Jonathan Frakes Shares a Story of When He Made a Cardinal Mistake as a Director on STAR TREK

Many fans of Star Trek will know the name Jonathan Frakes. He was Commander William T. Riker and Captain Jean Luc Picard’s “Number One.” Frakes also directed some episodes of Star Trek: The Next Generation, Star Trek: Deep Space Nine, and Star Trek: Voyager as well as my personal favorite Star Trek film Star Trek: First Contact and Star Trek: Insurrection. He will also be directing two episodes for Star Trek: Discovery’s second season. Needless to say, he’s worked a lot on Star Trek. While he’s considered a great director, he’s not perfect.

In a recent interview with the official Star Trek website, he revealed one time he made a mistake that he definitely learned from.

And I got other interesting stories. “Reunion” was the wonderful Worf-centric show with him and his kid. “The Drumhead,” I had Jean Simmons, who was there because she was an enormous Trekkie. “Cause and Effect,” I thought Braga was taking the piss out of me when he set the script down and each act was the same thing. That turned out to be like a directing test, or directing puzzle, or directing challenge, which I really enjoyed. I also did “Sub Rosa,” that wild, sort of off-canon show with Gates and Duncan Regehr as Ronin, with the candle and ghost. I made a cardinal mistake on “The Drumhead” as a director, which I’ll share with you.

Michael Dorn had somewhere he had to go, so he whispered in my ear, “Is there any way that you could shoot me out of this scene? I said, “Sure,” because I thought I could get my coverage. It’s an unwritten rule that you never let anybody who’s in a scene go before you have moved on to the next scene, literally. Even if they’re on the other side of the room, anything, you literally are not supposed to let any actors go until that scene is completed. And I, of course, thought, “I know how to do this. I’ll shoot Dorn’s coverage, and everything will be fine.” And it’s not like you had an actor who you could just call back in and say, “Come back in,” because this was Turtle Head, and that was 2 1/2 hours in makeup.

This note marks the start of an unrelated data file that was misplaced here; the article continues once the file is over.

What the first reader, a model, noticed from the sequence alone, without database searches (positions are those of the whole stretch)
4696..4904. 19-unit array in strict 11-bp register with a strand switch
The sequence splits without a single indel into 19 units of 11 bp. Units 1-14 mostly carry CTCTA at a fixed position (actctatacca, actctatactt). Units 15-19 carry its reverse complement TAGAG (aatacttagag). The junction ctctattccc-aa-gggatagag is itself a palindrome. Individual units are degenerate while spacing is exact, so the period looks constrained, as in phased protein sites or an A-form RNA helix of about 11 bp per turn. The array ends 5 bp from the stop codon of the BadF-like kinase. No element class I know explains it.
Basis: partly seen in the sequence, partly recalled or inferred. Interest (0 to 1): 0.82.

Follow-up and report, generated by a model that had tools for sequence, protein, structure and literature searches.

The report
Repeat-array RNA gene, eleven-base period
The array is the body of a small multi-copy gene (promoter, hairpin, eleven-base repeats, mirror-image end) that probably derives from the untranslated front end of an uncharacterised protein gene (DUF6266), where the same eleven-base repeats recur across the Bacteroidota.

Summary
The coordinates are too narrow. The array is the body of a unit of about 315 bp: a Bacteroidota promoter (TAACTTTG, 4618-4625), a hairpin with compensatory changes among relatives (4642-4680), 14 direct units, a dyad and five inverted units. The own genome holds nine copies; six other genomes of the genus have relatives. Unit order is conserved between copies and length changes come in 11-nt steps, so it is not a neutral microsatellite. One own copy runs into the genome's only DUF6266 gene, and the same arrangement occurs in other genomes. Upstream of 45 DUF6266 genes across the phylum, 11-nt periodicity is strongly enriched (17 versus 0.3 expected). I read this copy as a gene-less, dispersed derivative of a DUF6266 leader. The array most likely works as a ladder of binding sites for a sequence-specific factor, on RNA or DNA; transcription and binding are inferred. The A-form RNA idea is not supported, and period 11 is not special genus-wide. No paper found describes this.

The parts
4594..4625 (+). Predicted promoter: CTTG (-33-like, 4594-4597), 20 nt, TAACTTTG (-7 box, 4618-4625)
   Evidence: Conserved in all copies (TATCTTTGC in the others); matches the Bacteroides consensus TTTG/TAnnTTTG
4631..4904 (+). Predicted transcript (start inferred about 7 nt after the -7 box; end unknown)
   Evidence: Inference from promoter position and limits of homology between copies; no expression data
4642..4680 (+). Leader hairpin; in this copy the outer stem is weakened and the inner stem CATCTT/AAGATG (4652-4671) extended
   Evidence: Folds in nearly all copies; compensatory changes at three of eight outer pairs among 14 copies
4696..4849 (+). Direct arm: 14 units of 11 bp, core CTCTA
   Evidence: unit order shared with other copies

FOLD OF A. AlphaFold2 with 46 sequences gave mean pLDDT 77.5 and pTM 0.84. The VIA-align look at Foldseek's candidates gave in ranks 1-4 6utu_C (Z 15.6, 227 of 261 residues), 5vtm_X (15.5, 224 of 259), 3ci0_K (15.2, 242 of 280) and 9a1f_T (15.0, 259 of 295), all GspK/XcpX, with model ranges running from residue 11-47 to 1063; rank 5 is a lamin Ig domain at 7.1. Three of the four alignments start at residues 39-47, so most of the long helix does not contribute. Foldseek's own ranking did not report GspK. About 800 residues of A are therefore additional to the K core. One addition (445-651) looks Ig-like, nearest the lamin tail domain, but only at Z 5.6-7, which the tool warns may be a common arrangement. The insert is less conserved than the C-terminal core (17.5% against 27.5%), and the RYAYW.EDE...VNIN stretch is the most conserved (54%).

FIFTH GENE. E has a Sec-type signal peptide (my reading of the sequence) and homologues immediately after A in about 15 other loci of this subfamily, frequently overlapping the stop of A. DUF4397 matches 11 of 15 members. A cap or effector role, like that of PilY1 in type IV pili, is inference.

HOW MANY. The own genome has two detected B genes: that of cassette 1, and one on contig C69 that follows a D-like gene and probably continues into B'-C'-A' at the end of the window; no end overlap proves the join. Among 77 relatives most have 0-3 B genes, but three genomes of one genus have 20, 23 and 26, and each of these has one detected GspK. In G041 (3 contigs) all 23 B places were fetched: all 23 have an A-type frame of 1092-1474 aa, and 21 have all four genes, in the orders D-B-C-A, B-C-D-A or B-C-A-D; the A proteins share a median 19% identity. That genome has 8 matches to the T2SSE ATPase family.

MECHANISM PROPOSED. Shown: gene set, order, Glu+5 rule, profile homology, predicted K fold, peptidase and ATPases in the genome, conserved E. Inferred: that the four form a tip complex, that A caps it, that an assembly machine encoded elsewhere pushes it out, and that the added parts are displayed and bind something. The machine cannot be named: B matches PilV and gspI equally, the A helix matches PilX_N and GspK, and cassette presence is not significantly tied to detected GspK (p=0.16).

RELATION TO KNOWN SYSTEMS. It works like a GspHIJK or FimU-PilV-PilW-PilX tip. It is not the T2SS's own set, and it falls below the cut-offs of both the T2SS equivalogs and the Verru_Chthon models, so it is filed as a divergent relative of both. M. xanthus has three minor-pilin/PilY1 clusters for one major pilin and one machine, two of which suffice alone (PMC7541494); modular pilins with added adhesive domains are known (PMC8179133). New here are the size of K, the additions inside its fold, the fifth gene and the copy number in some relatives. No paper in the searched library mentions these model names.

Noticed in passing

Dorn is long gone, and we’re doing a piece of coverage, and where Dorn was standing it couldn’t be clearer that we would see him. Not only see him, we’d see his face. So, the clever and talented Marvin Rush, who I’m now working with on The Orville, I told him the story. I said, “I screwed up. I let Dorn go.” He said, “OK, I got this.” We kicked it around, and he got the piece of coverage. I think it was of Jean, actually. Simmons was talking, and we managed to move the camera in a way where we pushed in, dropped down, got a piece of somebody in Dorn’s costume, and then came back up on the next person. Then we pulled back out, and we thought we felt Dorn in the shot, but we never had to see his face. Marvin Rush bailed me out, and I’ve never released an actor until a scene was done since then.

Frakes is a wonderful actor and his directing skills are fantastic, too. I’m glad he’s able to use his failures as a learning opportunity. In addition to Star Trek, Frakes is working on directing an episode for season 2 of The Orville.

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